Back in April 2012, Ted White and Christopher Kiper decided it was time to launch their own activist hedge fund, and they called it Legion Partners Asset Management. The Beverly Hills-based fund got the seed money from California State Teachers' Retirement System, which has invested in the fund more than $250 million since its inception. Legion Partners finds this stable capital support to be one of the most important benefits that help it stick to its long term orientation. Prior to launching Legion Partners, Ted White sharpened his investment skills at Knight Vinke Asset Management (a Europe-based activist manager), where he was Chief Operating Officer and Managing Director, and at California Public Employees’ Retirement System where he was a Director of Corporate Governance and a Portfolio Manager in charge of everything related to its Governance Program. Ted White, a Chartered Financial Analyst and a former Deputy Director of the Council of Institutional Investors also worked at Deputy State Treasurer at the California State Treasurer’s Office, where, as an Investment Officer, he was in charge of trading and fixed income portfolio analysis. He earned his MBA with a concentration in finance from California State University.
Before co-founding Legion Partners, Christopher Kiper was a Portfolio Manager of the Shamrock Activist Value Fund, and prior to joining Shamrock Capital Advisors, he launched and ran Ridgestone Small Cap Value Fund, which was an activist fund in partnership with Ridgestone Corporation, whose main focus was on small-cap stocks. After graduating magna cum laude with a B.S. in Business Administration in Accounting Program from the University of Nebraska, he cut his teeth at Ernst & Young as an auditor, mainly concentrating on the financial service industry.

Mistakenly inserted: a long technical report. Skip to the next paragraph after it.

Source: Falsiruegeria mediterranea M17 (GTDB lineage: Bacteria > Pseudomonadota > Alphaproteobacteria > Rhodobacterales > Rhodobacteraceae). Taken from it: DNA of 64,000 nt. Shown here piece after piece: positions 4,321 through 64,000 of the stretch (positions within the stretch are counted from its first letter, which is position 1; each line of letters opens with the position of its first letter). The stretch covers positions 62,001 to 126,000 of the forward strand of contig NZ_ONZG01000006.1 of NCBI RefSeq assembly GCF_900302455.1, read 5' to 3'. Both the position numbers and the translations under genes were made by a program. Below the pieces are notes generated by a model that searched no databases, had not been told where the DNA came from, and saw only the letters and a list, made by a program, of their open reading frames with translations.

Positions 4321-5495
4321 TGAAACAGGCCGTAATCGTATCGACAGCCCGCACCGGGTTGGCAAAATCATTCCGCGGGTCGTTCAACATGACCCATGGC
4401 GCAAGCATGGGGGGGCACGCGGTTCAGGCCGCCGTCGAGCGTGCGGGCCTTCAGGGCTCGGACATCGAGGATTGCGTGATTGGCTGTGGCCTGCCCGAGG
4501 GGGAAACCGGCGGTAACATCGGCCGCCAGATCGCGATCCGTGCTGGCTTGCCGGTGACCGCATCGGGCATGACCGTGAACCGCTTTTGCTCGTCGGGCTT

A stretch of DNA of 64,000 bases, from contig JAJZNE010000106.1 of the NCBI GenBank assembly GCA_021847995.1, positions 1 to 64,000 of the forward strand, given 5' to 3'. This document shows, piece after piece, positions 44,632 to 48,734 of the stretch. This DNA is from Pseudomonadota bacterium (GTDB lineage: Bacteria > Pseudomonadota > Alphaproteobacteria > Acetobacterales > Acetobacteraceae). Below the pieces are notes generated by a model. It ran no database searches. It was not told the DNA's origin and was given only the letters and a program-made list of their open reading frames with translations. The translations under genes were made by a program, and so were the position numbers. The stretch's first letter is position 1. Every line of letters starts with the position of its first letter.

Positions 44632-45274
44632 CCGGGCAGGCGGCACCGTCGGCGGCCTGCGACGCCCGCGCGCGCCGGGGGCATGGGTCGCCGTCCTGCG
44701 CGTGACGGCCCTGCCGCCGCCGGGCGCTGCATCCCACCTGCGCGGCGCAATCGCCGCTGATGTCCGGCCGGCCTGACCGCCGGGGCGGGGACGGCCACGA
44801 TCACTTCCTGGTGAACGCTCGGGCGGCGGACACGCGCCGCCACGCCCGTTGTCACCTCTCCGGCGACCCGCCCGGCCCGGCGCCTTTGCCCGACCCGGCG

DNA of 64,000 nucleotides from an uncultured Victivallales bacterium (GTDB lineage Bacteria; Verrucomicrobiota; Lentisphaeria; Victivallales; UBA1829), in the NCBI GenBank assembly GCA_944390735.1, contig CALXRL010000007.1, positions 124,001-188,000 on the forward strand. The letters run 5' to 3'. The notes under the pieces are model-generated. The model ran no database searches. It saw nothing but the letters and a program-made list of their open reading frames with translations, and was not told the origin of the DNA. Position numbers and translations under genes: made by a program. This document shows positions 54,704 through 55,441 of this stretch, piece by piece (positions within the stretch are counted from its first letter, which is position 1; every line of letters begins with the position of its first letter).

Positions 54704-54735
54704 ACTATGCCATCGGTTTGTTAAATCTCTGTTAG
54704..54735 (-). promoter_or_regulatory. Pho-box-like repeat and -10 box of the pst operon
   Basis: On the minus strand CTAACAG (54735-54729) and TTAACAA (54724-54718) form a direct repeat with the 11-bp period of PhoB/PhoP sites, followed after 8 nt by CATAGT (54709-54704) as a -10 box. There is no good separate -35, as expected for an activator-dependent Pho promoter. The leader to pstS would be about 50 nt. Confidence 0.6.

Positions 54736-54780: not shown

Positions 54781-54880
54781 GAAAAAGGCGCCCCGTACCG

According to the words of its founders, Legion Partners was launched with the idea of forming the leading small-cap activist fund that would answer long term needs of investors. Among the fund’s investors are high net worth individuals, pension funds, institutional clients, and foundations. The fund’s investment philosophy relies on thorough research, keeps a concentrated portfolio, holding its positions for a long time in order to attain excellent risk-adjusted returns. The essential parts of its investment process are: choosing the right stocks and professional activism. Speaking of its activism, Legion Partners doesn’t like to make a lot of noise, instead, it prefers to collaborate with the management teams of the companies it invests in. The fund usually tries to obtain a seat among the board of directors or to provide strategic guidance that would help the company attain better long-term performance.
Legion Partners Composite Index delivered 34.08% in 2013, followed by a flat (0.0%) return in 2014, and it went down by 4.34% in 2015. Then in 2016, it delivered a strong 12.44%, and even higher return of 29.52% in 2017. Last year through October Legion Partners Composite Index brought back 23.37%. Its total return amounted to 273.15%, for a compound annual return of 20.17%, while its worst drawdown stood at 20.46.
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At the end of the fourth quarter of 2018, Legion Partners’ equity portfolio was valued $327.15 million, down by 30.62% from one quarter earlier. In the portfolio, there were 13 long positions after the fund had added one and dumped one. It didn’t hold a single stock of those 30 Most Popular Stocks Among Hedge Funds in Q4 of 2018. More about the fund’s largest fourth quarter positions you can find on the next page.
The most valuable position the fund held at the end of 2018, was in American pizza restaurant franchise, Papa John's Int'l, Inc. (NASDAQ:PZZA). The company was all over the news last year, when its, then current, CEO John Schnattr made racially sensitive remarks which lead him leaving the board. In spite of this scandal, which has made many investors to question their stakes in the company, Legion Partners actually thinks that Papa John’s still has real potential and that it should continue with its primary business. Year to date, Papa John’s stock gained 15.20%, and on March 14th it had a closing price of $46.23. The company has a market cap of $1.47 billion, and it is trading at a price-to-earnings ratio of 5,217.83.